PlA1/A2 polymorphism of the platelet glycoprotein receptor IIIA and risk of cranial ischemic complications in giant cell arteritis.

Arcispedale S. Maria Nuova, Reggio Emilia, Italy.
Arthritis & Rheumatology (Impact Factor: 7.48). 11/2007; 56(10):3502-8. DOI: 10.1002/art.22922
Source: PubMed

ABSTRACT To investigate potential associations of the PlA1/A2 polymorphism of the platelet glycoprotein IIIa (GPIIIa) gene with susceptibility to, and clinical expression of, giant cell arteritis (GCA).
One hundred forty patients with biopsy-proven GCA who were residents of Reggio Emilia, Italy, and 241 population-based healthy controls from the same geographic area were genotyped for the PlA1/A2 polymorphism of the platelet GPIIIa gene by molecular methods. The patients were divided into subgroups according to the presence or absence of polymyalgia rheumatica and cranial ischemic complications. The distribution of the PlA1/A2 genotype was investigated, and odds ratios (ORs) and 95% confidence intervals (95% CIs) were calculated.
The distribution of the PlA1/A2 genotype differed significantly between GCA patients with and those without visual loss caused by anterior ischemic optic neuritis (P = 0.016, corrected P [P(corr)] = 0.048). The PlA2 allele was found significantly more frequently in GCA patients with anterior ischemic optic neuritis than in those without anterior ischemic optic neuritis (P = 0.023, P(corr) = 0.046, OR 2.4 [95% CI 1.2-4.8]). Homozygosity for the PlA2 allele was significantly more frequent among GCA patients with anterior ischemic optic neuritis than among those without (P = 0.019, P(corr) = 0.038, OR 7.1 [95% CI 1.64-30.6]). Cranial ischemic complications occurred in 8 of 19 patients (42.1%) receiving antiplatelet therapy, compared with 22 of 118 patients (18.6%) not receiving such therapy (P = 0.03, OR 3.2 [95% CI 1.1-8.8]).
Our findings show that A2/A2 homozygosity is associated with an increased risk of visual loss due to anterior ischemic optic neuritis in GCA patients. Antiplatelet therapy, however, was not effective in reducing the risk of ischemic events in this population of GCA patients.

  • [Show abstract] [Hide abstract]
    ABSTRACT: Ischemia is a leading causes of morbidity in giant cell arteritis (GCA). We studied circulating platelets and leukocytes in patients with GCA and with polymyalgia rheumatica. Normal healthy donors (>60 a) served as controls. Patients had a significantly greater fraction of platelets expressing P-selectin, of platelet-Nph and platelet-Mo aggregates, and of Nph and Mo expressing tissue factor. These differences were correlated with the percentage of platelets expressing P-selectin and were not influenced by clinical features or by systemic inflammation. Activated circulating leukocytes and platelets could contribute to indolent vessel inflammation and possibly to thromboembolic events in patients with systemic large vessel vasculitis.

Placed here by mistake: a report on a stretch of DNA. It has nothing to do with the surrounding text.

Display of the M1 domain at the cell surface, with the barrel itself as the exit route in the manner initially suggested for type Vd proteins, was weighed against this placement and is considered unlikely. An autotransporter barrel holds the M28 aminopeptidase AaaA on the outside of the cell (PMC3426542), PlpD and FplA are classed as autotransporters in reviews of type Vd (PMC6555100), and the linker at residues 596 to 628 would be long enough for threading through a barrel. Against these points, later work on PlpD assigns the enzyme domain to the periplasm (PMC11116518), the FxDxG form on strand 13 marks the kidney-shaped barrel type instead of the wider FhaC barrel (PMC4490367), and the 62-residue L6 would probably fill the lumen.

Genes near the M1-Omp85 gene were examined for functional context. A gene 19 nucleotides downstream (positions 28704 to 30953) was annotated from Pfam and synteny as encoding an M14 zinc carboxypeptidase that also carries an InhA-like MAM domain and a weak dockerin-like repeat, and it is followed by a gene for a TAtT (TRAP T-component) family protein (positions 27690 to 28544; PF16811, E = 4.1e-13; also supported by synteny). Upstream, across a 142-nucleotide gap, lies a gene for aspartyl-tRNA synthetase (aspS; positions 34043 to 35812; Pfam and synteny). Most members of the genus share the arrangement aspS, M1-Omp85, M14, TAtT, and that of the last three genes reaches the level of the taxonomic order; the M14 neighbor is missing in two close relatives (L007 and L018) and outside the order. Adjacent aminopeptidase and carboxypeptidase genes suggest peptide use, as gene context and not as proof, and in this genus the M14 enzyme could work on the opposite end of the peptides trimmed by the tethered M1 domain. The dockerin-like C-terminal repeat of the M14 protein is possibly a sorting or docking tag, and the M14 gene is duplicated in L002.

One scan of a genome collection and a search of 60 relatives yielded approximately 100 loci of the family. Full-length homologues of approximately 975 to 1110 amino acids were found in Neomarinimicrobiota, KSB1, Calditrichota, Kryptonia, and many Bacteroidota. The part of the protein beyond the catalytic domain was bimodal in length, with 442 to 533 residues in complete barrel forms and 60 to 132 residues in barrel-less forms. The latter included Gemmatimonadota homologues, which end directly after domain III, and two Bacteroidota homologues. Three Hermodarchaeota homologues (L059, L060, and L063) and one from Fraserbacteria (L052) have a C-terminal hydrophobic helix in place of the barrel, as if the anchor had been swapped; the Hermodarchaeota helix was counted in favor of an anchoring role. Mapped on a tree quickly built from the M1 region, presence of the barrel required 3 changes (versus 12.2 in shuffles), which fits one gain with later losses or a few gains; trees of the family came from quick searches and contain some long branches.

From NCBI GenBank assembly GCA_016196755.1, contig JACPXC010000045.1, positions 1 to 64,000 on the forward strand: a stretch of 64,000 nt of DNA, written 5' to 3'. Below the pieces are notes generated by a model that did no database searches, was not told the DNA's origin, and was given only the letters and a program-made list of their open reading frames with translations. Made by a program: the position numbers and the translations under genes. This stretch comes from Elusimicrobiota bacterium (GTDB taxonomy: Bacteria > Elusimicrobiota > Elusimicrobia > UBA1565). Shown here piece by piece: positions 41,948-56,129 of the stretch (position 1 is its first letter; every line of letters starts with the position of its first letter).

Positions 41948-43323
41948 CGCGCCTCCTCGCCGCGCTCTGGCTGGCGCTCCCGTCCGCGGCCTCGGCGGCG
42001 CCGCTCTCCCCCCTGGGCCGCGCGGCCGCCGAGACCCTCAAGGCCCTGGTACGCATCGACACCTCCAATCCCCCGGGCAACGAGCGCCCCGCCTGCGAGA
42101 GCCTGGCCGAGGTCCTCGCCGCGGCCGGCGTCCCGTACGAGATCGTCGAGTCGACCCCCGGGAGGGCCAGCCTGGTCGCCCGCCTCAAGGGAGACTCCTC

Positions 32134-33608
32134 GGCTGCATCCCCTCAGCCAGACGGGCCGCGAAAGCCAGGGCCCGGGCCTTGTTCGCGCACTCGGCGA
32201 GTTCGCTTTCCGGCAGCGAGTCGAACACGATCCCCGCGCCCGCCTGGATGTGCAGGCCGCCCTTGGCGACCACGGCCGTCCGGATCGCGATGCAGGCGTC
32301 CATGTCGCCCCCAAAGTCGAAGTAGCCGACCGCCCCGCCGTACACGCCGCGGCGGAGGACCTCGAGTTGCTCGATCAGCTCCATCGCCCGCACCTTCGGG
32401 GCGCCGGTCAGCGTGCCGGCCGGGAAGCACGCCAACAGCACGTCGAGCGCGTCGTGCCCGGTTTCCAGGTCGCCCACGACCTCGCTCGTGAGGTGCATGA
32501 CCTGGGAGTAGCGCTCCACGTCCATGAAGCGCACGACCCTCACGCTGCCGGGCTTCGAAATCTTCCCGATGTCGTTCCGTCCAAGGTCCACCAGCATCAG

Autoimmunity 05/2009; 42(4):386-8. · 2.77 Impact Factor
  • [Show abstract] [Hide abstract]
    ABSTRACT: Polymyalgia rheumatica (PMR) and giant cell arteritis (GCA) are inflammatory diseases that typically affect white individuals >50 years. Women are affected ∼2-3 times more often than men. PMR and GCA occur together more frequently than expected by chance. The main symptoms of PMR are pain and stiffness in the shoulders, and often in the neck and pelvic girdle. Imaging studies reveal inflammation of joints and bursae of the affected areas. GCA is a large-vessel and medium-vessel arteritis predominantly involving the branches of the aortic arch. The typical clinical manifestations of GCA are new headache, jaw claudication and visual loss. PMR and GCA usually remit within 6 months to 2 years from disease onset. Some patients, however, have a relapsing course and might require long-standing treatment. Diagnosis of PMR and GCA is based on clinical features and elevated levels of inflammatory markers. Temporal artery biopsy remains the gold standard to support the diagnosis of GCA; imaging studies are useful to delineate large-vessel involvement in GCA. Glucocorticoids remain the cornerstone of treatment of both PMR and GCA, but patients with GCA require higher doses. Synthetic immunosuppressive drugs also have a role in disease management, whereas the role of biologic agents is currently unclear.
    Nature Reviews Rheumatology 07/2012; 8(9):509-21. · 9.75 Impact Factor
  • Current Immunology Reviews 11/2011; 7(4):435.

Full-text (2 Sources)

Available from
May 29, 2014